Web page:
WHAT'S ON

UIA Progressive Appeal

Snapshot of the impact of your donation

"For such a time as this”, we are urged in the Book of Esther that we must step forward to do our best at moments of true crisis. 

Covid-19 has created urgent and immense challenges. One thing in Israel is absolutely clear: While millions of government dollars will go to support and sustain Orthodox institutions and communities in Israel, very little funding will come from the current Israeli government to the Progressive Movement.

Today, thanks in a very large part to you, the supporters of the UIA Progressive Appeal, just as many Israelis identify with the Progressive and Masorti streams as with the Haredi community, and we are reaching more people than ever before.

We thank you for your support in past years, and hope that in 2020 you will be able to do so again. You can read more about the Progressive Appeal and view a video of Rabbi David Saperstein's talk at Temple Beth Israel in Melbourne last March by clicking on this link.

David Knoll AM and Alan Obrart, NSW Co-Chairs
Brian Samuel OAM and Philip Bliss OAM, VIC Co-Chairs
Helen Shardey, ARZA President

In these difficult times, our support is having a real and positive impact on Jewish lives in Israel.
We provide a snapshot below.

 
 

Meet Melanie Wolfson
Melanie Wolfson is suing Easyjet for discrimination, in a case led by the Israel Religious Action Center (part of the Israel Movement for Progressive Judaism).

As Libby Purves summarised in The Australian (1 September 2020): “At Ben Gurion airport she paid extra for an aisle seat but was moved by cabin crew because two ultra-Orthodox male passengers objected to sitting next to a woman. She was insulted and humiliated . . . 'It was the first time in my adult life I was discriminated against for being a woman.' She was told that ultra-Orthodox men often make this demand and two months later it happened again.”

Anat Hoffman said: “Ultra-Orthodox extremists get away with demands that have nothing to do with Judaism. Humiliating women can in no way qualify as a religious act.”


Weddings – orthodox only?
The Jerusalem Municipality earlier this year offered couples marrying in Jerusalem to hold their weddings, free of charge, in outdoor sites where numbers during COVID-19 restrictions could be higher than at indoor venues.  However, only couples who marry through the Orthodox-controlled rabbinate were eligible to apply.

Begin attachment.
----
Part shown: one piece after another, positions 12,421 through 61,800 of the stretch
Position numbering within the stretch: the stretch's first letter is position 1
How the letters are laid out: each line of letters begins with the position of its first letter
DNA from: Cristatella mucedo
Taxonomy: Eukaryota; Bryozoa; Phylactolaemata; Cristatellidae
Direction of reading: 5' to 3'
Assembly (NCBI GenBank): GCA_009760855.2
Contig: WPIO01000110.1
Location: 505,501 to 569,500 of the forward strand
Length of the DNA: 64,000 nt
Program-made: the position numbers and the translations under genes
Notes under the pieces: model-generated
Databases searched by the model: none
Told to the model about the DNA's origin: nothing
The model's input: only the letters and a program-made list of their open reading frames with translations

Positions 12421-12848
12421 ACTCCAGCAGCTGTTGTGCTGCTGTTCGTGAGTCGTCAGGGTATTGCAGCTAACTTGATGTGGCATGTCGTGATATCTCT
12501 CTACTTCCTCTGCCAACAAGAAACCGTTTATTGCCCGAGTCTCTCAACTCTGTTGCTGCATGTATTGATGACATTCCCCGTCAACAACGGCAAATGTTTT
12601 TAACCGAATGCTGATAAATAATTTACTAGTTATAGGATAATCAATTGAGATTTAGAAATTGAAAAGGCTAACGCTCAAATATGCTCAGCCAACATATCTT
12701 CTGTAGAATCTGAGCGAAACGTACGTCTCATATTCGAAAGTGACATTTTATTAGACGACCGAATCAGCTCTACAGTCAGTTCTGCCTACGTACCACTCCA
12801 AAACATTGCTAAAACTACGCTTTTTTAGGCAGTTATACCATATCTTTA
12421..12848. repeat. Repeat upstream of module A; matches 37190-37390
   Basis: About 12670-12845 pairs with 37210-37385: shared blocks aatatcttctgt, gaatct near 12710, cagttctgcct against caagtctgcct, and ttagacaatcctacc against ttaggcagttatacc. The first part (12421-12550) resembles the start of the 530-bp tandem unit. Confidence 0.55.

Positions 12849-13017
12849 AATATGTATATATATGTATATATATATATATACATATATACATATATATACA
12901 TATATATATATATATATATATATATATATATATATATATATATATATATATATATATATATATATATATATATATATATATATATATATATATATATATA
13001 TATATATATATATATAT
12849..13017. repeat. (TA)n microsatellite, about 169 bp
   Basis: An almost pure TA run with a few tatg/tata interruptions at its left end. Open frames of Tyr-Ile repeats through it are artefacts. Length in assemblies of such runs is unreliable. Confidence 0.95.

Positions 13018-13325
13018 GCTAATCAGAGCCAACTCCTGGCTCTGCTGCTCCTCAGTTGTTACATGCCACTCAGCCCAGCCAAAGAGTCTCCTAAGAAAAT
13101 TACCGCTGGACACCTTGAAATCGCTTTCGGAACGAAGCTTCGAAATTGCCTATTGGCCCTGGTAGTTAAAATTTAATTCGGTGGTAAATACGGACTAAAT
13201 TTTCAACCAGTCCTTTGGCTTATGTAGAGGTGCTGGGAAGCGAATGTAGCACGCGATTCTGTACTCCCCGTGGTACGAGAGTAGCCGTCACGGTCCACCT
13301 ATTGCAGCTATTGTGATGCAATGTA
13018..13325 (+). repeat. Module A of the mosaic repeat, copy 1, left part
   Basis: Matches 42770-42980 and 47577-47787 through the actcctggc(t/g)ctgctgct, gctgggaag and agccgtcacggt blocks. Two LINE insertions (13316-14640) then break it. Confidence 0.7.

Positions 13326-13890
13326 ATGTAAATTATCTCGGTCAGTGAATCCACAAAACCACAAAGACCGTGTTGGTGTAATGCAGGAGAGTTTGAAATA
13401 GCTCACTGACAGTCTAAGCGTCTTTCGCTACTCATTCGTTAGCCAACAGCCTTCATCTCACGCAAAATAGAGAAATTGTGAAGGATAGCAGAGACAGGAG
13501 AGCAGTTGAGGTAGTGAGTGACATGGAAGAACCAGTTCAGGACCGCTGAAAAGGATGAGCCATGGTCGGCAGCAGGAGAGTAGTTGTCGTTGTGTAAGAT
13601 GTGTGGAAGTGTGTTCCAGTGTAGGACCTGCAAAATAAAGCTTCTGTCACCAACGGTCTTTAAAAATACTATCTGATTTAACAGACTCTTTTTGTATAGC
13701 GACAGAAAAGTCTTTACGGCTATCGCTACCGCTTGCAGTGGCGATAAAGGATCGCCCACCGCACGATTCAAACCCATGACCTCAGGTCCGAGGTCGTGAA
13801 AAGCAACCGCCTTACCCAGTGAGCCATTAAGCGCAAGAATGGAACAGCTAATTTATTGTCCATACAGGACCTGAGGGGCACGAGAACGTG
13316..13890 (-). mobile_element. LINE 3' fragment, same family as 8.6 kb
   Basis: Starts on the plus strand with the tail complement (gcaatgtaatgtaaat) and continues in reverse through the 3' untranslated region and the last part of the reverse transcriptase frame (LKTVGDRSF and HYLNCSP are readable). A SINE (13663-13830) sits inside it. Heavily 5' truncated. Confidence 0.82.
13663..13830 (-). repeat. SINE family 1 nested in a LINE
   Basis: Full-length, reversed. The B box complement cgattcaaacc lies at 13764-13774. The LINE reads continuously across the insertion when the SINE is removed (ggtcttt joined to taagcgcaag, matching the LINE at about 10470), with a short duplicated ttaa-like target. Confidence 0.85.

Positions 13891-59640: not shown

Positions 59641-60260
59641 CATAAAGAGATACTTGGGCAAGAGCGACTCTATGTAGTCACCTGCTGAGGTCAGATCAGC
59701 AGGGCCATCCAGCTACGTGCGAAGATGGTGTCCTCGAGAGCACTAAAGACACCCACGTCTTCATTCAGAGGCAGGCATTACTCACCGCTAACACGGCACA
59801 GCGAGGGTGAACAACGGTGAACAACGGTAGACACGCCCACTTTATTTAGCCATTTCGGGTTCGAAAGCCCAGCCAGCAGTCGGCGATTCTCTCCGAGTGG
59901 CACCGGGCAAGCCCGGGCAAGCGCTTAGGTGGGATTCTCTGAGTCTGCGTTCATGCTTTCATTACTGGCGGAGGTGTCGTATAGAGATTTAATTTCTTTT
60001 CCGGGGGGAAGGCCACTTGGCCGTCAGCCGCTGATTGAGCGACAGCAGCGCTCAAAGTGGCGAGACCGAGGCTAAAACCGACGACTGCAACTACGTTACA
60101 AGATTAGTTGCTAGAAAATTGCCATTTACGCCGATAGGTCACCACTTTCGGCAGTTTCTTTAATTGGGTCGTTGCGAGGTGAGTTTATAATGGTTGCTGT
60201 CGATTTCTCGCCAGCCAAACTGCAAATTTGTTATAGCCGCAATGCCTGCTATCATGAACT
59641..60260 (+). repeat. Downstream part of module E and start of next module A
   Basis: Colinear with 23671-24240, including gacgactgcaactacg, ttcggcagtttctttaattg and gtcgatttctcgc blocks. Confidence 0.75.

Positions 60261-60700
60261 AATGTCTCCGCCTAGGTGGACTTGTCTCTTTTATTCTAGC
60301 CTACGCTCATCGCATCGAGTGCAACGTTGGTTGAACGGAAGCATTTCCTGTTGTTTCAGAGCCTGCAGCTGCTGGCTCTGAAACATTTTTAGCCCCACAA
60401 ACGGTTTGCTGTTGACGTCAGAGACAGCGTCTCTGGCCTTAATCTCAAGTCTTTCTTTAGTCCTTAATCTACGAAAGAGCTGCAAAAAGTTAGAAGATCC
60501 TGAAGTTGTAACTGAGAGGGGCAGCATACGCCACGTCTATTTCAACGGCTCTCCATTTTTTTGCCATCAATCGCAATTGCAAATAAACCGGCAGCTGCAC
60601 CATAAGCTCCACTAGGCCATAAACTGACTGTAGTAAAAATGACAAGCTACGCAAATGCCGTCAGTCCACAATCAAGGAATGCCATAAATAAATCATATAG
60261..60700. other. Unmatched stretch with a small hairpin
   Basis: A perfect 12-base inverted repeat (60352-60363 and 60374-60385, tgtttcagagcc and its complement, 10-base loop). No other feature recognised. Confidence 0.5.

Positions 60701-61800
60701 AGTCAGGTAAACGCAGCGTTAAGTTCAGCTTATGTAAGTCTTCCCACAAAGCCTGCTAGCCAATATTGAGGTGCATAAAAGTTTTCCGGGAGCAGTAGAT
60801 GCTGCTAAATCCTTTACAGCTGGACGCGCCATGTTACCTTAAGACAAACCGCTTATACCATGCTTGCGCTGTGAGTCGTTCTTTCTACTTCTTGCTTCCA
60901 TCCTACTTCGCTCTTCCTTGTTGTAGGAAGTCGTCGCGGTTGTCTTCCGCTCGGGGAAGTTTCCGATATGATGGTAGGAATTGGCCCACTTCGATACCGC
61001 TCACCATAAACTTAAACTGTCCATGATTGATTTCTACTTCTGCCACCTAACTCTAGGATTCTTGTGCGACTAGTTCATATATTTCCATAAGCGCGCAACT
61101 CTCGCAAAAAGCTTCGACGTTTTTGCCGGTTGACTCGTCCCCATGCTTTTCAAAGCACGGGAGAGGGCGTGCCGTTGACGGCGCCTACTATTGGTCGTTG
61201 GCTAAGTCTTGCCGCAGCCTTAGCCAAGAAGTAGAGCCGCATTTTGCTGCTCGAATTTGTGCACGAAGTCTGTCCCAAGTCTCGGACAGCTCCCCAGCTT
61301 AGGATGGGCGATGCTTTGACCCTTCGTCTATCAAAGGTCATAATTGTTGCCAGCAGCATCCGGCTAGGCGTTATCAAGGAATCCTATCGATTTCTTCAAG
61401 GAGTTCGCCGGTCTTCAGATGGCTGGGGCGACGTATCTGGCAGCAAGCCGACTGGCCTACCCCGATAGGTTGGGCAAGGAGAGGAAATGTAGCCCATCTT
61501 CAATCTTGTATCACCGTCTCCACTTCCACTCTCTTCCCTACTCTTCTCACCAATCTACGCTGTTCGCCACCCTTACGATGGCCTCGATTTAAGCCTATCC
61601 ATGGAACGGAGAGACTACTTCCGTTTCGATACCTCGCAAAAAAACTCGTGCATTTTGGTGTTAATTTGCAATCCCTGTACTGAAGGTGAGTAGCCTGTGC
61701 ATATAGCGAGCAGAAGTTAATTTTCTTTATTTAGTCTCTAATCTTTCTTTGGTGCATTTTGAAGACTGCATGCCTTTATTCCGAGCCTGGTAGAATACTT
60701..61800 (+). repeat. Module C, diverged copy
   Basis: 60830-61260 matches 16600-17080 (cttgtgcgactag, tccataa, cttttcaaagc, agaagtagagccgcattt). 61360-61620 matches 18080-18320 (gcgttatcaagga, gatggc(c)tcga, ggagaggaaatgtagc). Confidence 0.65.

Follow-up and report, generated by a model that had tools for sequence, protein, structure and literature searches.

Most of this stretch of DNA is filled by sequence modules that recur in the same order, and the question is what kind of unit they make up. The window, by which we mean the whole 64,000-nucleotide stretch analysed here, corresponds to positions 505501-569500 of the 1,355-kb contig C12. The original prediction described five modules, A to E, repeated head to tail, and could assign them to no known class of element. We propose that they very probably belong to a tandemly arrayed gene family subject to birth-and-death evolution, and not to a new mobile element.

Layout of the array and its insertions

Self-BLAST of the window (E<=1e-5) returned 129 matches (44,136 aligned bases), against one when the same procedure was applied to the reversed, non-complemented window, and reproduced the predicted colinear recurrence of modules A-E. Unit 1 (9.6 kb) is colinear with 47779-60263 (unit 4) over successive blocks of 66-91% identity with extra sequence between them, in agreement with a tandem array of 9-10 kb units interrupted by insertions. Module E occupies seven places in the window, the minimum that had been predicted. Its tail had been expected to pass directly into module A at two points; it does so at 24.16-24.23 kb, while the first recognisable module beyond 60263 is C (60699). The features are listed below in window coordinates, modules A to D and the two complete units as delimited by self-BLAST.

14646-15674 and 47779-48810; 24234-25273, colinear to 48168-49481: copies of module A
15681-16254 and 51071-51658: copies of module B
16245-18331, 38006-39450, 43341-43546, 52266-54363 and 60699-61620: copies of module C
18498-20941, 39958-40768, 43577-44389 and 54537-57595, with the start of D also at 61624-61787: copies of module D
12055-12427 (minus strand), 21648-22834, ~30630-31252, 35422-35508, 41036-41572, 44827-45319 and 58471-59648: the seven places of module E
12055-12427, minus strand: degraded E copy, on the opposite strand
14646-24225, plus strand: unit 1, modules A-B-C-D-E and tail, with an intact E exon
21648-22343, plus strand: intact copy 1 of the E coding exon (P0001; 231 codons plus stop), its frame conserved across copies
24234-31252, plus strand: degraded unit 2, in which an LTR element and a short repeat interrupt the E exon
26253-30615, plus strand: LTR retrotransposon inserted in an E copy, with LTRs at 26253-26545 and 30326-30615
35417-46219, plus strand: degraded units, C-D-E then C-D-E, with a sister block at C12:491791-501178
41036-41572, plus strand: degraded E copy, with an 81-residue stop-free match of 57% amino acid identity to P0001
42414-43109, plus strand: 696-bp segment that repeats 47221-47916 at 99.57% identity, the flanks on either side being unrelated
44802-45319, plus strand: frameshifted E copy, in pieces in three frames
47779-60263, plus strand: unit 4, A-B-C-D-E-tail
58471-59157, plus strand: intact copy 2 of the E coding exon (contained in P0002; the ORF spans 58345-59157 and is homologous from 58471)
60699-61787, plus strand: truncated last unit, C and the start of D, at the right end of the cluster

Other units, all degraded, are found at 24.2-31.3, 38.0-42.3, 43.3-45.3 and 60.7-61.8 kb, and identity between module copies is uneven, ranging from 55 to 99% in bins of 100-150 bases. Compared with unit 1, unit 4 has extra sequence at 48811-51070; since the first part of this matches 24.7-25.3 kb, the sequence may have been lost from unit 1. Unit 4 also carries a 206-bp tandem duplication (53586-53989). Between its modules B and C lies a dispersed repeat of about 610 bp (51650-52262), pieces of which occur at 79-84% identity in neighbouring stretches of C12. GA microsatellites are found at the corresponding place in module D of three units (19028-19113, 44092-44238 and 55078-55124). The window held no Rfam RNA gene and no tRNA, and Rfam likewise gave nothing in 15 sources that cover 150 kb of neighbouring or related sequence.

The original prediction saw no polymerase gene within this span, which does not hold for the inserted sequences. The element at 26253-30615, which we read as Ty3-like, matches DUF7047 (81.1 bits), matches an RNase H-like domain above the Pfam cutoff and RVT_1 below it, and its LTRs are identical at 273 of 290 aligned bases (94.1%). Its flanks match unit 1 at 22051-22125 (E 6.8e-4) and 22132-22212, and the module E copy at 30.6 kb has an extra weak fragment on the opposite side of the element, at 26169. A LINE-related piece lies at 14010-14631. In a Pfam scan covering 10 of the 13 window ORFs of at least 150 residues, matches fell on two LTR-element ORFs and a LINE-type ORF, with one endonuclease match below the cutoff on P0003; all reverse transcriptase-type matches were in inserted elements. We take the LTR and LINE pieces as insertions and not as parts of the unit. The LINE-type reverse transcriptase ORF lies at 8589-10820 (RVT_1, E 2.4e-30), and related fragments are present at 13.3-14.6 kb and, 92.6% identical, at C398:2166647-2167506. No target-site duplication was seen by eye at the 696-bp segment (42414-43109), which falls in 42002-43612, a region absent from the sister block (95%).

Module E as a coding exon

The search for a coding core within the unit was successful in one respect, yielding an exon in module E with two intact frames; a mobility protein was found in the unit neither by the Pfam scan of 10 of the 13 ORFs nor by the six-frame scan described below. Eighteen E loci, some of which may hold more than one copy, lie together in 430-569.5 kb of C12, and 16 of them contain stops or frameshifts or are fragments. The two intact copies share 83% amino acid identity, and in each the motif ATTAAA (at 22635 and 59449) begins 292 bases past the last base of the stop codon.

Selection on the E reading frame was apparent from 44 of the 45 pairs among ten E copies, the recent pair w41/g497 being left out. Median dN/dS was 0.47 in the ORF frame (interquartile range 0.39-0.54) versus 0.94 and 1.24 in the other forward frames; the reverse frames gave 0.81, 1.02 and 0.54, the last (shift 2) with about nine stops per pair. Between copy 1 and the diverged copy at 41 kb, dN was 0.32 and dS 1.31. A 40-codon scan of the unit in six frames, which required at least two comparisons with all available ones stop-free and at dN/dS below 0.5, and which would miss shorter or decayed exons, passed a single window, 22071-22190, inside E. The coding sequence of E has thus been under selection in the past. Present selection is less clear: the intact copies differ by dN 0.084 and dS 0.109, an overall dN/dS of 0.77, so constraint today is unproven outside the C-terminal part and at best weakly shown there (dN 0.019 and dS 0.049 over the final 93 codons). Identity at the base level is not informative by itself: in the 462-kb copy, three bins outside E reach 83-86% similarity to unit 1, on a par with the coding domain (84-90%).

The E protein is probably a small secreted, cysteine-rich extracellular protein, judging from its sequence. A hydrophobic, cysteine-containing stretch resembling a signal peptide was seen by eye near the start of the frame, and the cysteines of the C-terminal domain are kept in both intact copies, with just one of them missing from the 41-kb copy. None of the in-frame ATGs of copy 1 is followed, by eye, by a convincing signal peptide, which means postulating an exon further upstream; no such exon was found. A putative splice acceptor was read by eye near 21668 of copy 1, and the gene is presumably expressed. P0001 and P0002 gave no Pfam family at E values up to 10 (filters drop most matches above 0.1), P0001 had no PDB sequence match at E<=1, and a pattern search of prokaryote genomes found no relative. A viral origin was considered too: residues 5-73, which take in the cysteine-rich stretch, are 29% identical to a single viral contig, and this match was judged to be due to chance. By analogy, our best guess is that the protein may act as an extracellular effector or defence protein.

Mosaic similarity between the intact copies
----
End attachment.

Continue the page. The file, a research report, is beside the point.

IRAC’s Orly Erez-Likhovski argued in the District Court that this was discriminatory and abusive.

After the municipality backed down, Orly said: “During the Coronavirus crisis at present, and especially in such difficult times - whether the circumstances are a security conflict or a severe health hazard - we must be doubly careful of disproportionate violations of human rights.”

   
Helping COVID-19 lay-offs

Legal Action Center for Olim (LACO), is continuing its work to aid immigrants who face discrimination accessing their rights to financial aid from National Insurance policies, and to apply for governmental assistance where needed – especially in cases where there is poor documentation in country of origin.

Tashoma, aged 51, Jerusalem, explained: “I work at a restaurant and I was fired when the quarantine regulations began, even though I have worked there a long time. I approached LACO and they listened to my story, explained the rights I can use and helped me fill out the relevant forms to receive aid. It is hard to find this kind of service in my native language, Amharic, so lots of people don’t even try”. 


(Name changed and no picture available due to privacy)


Assisting FSU immigrants during COVID-19

Progressive congregations for FSU immigrants in Haifa, Ramat Gan and Be’er Sheva are assisting Russian-speakers with Jewish services, learning, and community support for families, lone adults and elderly who are having a hard time being alone in isolation.

During Pesach, IMPJ hosted online workshops and events, reaching hundreds of families, including spiritual and practical preparation, disposing of Hametz and learning about its spiritual significance, learning the story of Passover from sacred sources, reading the Haggadah pre-Seder, learning what dishes to make and more.

On Seder night, hundreds of community members (20 per cent were newcomers), joined for an online real-time Seder. For many FSU immigrants, this was the first time in their lives that they had celebrated a seder independently in their own homes.

Attendees Ina and Vlad said: “We got to do our own Seder with the children this year ... who knew that Corona would bring such blessings?”


For further information, email: This email address is being protected from spambots. You need JavaScript enabled to view it. or call: 0416 700 613

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